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2. David Crosby (The Bryds, Crosby Stills Nash & Young):  Like Art Garfunkel, David Crosby possessed a truly unique and beautiful voice. Though he was also an able songwriter and musician, it was his collaborations with people like Roger McGuinn (The Byrds), Gene Clark (The Bryds), Graham Nash (The Hollies), Stephen Stills (Buffalo Springfield) and Neil Young that created a lasting impact.

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3. Eddie Van Halen (Van Halen):  Eddie Van Halen is not only a tremendous guitar player, but a multifaceted musician and the creative force behind the band “Van Halen”. Yet despite his ample talent, it is unlikely that he would have ever achieved the same level of success without finding someone to be the face and voice of his band. Needless to say, he found two of rock’s most memorable showmen in David Lee Roth and Sammy Hagar.

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4. Freddie Mercury (Queen):  Almost the polar opposite of Eddie Van Halen, Freddie Mercury was a quintessential showman, in need of collaborators to create the proper setting to showcase his talent. He found that in Brian May and the other members of the band Queen. This highly underrated group of musicians provided an accessible context and added valuable substance to Mercury’s eccentric persona.

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5. Ric Ocasek (The Cars):  Undoubtedly the quirky pop genius of Ric Ocasek was the driving creative force behind the music of “The Cars”. And while it seems unlikely that they would have had been noticed without him, the band’s best work occurred when Elliot Easton’s edgy guitar and Benjamin Orr’s emotive vocals were allowed to balance out his off beat lyrics and synth-pop sensibilities.

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6. Dennis DeYoung (Styx):  Like Ric Ocasek of the Cars, Dennis DeYoung of the band “Styx” was the pop visionary behind their most successful music. His creative flourishes fueled the concept albums and stage productions that distinguished the band from its peers. But at its core, Styx worked best as a rock band and in those moments, Tommy Shaw and James Young were essential in balancing DeYoung’s more theatrical sensibilities. Neither DeYoung nor the remaining members of Styx (who perform without him), have been as compelling since they parted company.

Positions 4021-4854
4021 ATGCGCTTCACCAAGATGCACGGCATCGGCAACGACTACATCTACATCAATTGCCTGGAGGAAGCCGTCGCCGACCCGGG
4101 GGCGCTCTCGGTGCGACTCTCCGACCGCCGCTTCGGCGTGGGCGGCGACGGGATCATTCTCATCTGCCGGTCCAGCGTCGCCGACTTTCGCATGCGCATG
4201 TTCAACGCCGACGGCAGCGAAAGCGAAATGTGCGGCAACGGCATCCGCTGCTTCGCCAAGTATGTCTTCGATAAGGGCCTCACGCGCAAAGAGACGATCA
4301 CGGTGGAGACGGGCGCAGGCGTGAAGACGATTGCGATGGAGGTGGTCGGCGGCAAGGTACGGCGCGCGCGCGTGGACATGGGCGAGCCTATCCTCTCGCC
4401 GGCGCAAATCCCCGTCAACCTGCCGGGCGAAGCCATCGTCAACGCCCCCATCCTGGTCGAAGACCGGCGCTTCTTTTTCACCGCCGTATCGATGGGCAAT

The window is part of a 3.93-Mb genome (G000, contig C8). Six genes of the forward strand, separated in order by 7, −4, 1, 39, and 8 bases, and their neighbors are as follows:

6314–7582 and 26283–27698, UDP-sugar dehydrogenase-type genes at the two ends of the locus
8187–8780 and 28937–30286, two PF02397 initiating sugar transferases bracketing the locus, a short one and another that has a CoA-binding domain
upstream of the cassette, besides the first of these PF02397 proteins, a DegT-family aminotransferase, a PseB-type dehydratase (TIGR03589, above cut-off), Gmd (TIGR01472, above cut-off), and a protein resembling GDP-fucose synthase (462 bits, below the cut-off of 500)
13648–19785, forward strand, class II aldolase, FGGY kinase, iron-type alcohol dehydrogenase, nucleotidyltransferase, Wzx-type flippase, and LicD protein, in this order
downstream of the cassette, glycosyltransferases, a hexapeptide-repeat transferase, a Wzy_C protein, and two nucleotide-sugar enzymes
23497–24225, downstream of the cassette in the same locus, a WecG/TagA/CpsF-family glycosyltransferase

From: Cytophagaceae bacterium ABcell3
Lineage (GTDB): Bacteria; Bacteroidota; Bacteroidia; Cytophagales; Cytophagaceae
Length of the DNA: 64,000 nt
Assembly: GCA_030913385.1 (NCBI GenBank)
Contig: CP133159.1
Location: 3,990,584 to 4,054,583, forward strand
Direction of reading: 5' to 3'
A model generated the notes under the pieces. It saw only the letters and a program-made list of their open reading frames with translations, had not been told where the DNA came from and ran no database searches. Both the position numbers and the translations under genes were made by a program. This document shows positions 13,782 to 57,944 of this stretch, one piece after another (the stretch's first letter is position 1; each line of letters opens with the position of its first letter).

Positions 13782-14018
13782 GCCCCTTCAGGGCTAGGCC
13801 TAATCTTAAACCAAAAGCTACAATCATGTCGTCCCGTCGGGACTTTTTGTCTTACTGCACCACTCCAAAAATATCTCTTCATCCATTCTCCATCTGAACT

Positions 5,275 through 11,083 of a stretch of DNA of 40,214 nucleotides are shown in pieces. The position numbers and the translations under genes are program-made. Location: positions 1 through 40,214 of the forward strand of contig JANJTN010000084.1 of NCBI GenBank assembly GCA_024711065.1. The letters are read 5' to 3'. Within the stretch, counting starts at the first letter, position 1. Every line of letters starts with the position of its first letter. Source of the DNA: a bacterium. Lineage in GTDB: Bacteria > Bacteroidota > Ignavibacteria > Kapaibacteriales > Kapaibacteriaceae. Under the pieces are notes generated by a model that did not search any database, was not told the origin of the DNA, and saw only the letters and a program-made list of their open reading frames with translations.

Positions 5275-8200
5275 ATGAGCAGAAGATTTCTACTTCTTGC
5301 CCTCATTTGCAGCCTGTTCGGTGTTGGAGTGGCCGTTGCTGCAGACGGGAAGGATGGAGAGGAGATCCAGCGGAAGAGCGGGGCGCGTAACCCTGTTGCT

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7. Elton John:  Without question, Elton John is a tremendously gifted musician, singer and performer in his own right; but it is through his 40+ year songwriting collaboration with Bernie Taupin that his most memorable work has been produced. It is difficult to know what his career would have been without Mr. Taupin’s contributions.

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8. Roger Waters (Pink Floyd):  Certainly Roger Water’s dark cynicism and disdain for standard musical conventions were at the heart of Pink Floyd’s most memorable recordings, but without the balancing contributions of his band mates (most especially David Gilmour), his solo work has been erratic and far less compelling. Considering his sizable contributions to the band’s collective identity, the remaining members have made some surprisingly worthwhile music without him.

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9. Eric Clapton:  Though Eric Clapton has enjoyed a long and successful career as a solo artist, his most notable moments have almost always come through his collaboration with other artists. His contributions to bands like “The Yardbirds”, “John Mayall & the Bluesbreakers”, “Cream”, “Blind Faith” and “Derek & the Domino’s” were legendary and even much of his most memorable solo work showcased other songwriters like J.J. Cale (After Midnight), Robert Johnson (Crossroads) and Bob Marley (I Shot the Sheriff).

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10. Lennon & McCartney (The Beatles):  While inferring that either one of these musical legends wasn’t talented enough to stand alone would amount to sacrilege in the minds of most people, I would submit that both benefited greatly from their collaboration. Though they each created some classic music on their own, neither consistently produced anything that rivaled their work together.